Deeply inspired by these charities, Mrs Choudhury wanted to make a difference in the field of childhood cancer in Bangladesh. The ASHIC Foundation funds a 20-bed shelter, which accommodates children and their families from rural Bangladesh who travel to Dhaka for cancer treatment. In 2006, it started a Palliative Care Unit, which currently has nine beds for terminally ill children.

  • Dr Odontuya Davaasuren

    President of Mongolian Palliative Care Society
    Professor & Dean, General Practice and Preventive Medicine Department of Health Sciences,
    University of Mongolia

    Dr Odontuya is known among industry practitioners as the 'Mother of Palliative Care' in Mongolia. She introduced the concept of palliative care in Mongolia in 2000 and spearheaded the development of palliative care policies, education and drug availability, starting with palliative care for cancer patients. Thanks to her efforts, each of Mongolia's 21 provinces now has an educated oncologist on palliative care, able to provide free morphine to patients needing it. Palliative care is also included in the syllabus of medical universities in the country. Her dream is to establish a national palliative centre complete with inpatient, outpatient and homecare services, as well as an
    educational hub.

  • Dr Thuy Bui Thi Bich

    Head of Infectious Diseases Department
    Haiphong Medical University

    Dr Thuy has been working in the field of infectious diseases for 30 years and specializes in HIV medicine. In 2003, she was introduced to the concept of palliative care while attending a HIV training course held by Harvard Medical School faculty. She became more passionate about the subject and equipped herself with additional knowledge and skills, while travelling around Vietnam to train other medical and social personnel in palliative care. She also developed an e-learning platform for palliative care at Hai Phong Medical University, In 2011, Dr Thuy saw the birth of a Palliative Care Unit at the Vietnamese – Czech General Hospital for people living with HIV and AIDS, where she tends to patients and conducts training.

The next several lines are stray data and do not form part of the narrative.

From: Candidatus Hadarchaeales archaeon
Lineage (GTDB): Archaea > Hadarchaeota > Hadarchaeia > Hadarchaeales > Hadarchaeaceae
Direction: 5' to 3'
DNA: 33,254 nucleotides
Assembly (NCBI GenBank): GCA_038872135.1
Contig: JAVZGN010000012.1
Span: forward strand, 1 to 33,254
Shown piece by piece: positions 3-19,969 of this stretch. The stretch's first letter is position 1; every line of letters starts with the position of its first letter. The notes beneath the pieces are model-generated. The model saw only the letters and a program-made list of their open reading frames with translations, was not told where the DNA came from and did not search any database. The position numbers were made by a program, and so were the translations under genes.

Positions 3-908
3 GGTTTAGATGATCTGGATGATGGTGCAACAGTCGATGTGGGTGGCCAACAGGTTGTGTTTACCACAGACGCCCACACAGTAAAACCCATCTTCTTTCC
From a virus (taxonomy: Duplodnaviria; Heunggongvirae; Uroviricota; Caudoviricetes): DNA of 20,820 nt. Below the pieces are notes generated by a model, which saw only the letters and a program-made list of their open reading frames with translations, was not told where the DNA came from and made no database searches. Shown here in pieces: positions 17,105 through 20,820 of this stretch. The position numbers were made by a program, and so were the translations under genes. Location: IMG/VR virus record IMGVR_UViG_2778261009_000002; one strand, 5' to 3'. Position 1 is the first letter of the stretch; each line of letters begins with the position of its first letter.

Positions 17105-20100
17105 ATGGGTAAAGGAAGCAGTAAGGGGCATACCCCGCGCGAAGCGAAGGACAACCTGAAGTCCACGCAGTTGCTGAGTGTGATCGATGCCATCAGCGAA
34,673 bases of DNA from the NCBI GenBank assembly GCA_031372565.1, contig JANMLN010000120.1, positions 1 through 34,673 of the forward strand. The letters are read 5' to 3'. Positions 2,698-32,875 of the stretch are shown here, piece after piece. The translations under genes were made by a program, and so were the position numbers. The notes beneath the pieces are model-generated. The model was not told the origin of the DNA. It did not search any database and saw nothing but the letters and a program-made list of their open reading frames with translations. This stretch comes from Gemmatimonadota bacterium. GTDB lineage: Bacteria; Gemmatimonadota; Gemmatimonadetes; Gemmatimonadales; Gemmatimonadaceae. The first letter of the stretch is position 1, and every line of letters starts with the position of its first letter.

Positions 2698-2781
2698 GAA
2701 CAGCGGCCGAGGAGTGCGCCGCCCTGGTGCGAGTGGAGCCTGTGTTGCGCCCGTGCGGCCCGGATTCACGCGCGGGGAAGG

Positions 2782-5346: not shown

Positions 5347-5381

• Professor Chantal Chao Co-Shi

    School of Nursing, College of Medicine at the National Cheng-Kung University in Tainan
    Director and Co-founder of the Catholic Kang-Tai Hospice in Taipei

    Then a nurse at the National Taiwan University Hospital and Taipei Veterans General Hospital, Prof Chao became interested in hospice work and palliative medicine after witnessing eight of her terminally-ill patients commit suicide because no one was able to alleviate their suffering. As “hospice” was a term unheard of in the 1980s and nursing schools were not equipped to educate students on subjects like patients’ psychology and care for the dying, Prof Chao moved to London at the age of 40. She benefitted directly from the teachings of Cicely Saunders, pioneer of the hospice movement and spent many summers studying at the renowned St. Christopher’s hospice. Upon her return to Taiwan in 1993,
    Prof Chao dedicated herself to the promotion of palliative care nursing, pushed for the development of palliative care units in hospitals and helped establish the
    Taiwan Association of Hospice Palliative Nursing.

  • Sister Geraldine Tan

    St Joseph’s Home & Hospice

    Since the age of five, Sister Geraldine knew she wanted to be a nurse. Her motivation sprang from a trip to the clinic where she accompanied her grandmother for an injection and saw the pained and frightful expression on her face. That started her journey into the nursing profession. Sister Geraldine joined St Joseph’s Home & Hospice in 1985, just as the Home established a palliative care unit to meet a pressing need and care for patients with advanced illnesses. An active member in the hospice and palliative care community,
    Sister Geraldine has spoken widely to help promote awareness about end-of-life issues.
    She worked with Lien Foundation to roll out the “Happy Coffins” project at St Joseph’s, where residents at the Home designed their coffins and shared their pre-departure wishes.

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  • Commissioned by
  • Directed & Produced by
    • Logue
    • Jean Qingwen Loo & Huiwen Yang
  • Directors of Photography
    • Ong Boon Kok
    • Poh Yan Zhao
  • Editor
  • Photo Stories
    • Jean Qingwen Loo
  • Graphic Design
  • Website
  • Publicity & Outreach
    • Qeren
    • Genevieve Kuek & May Tan
    • Logue
  • Acknowledgements
    • Dr Cynthia Goh
    • Dr Eric L. Krekauer
    • Dr Pham Van Anh
    • Diane Wong
    • Yue Cheng Yoon & family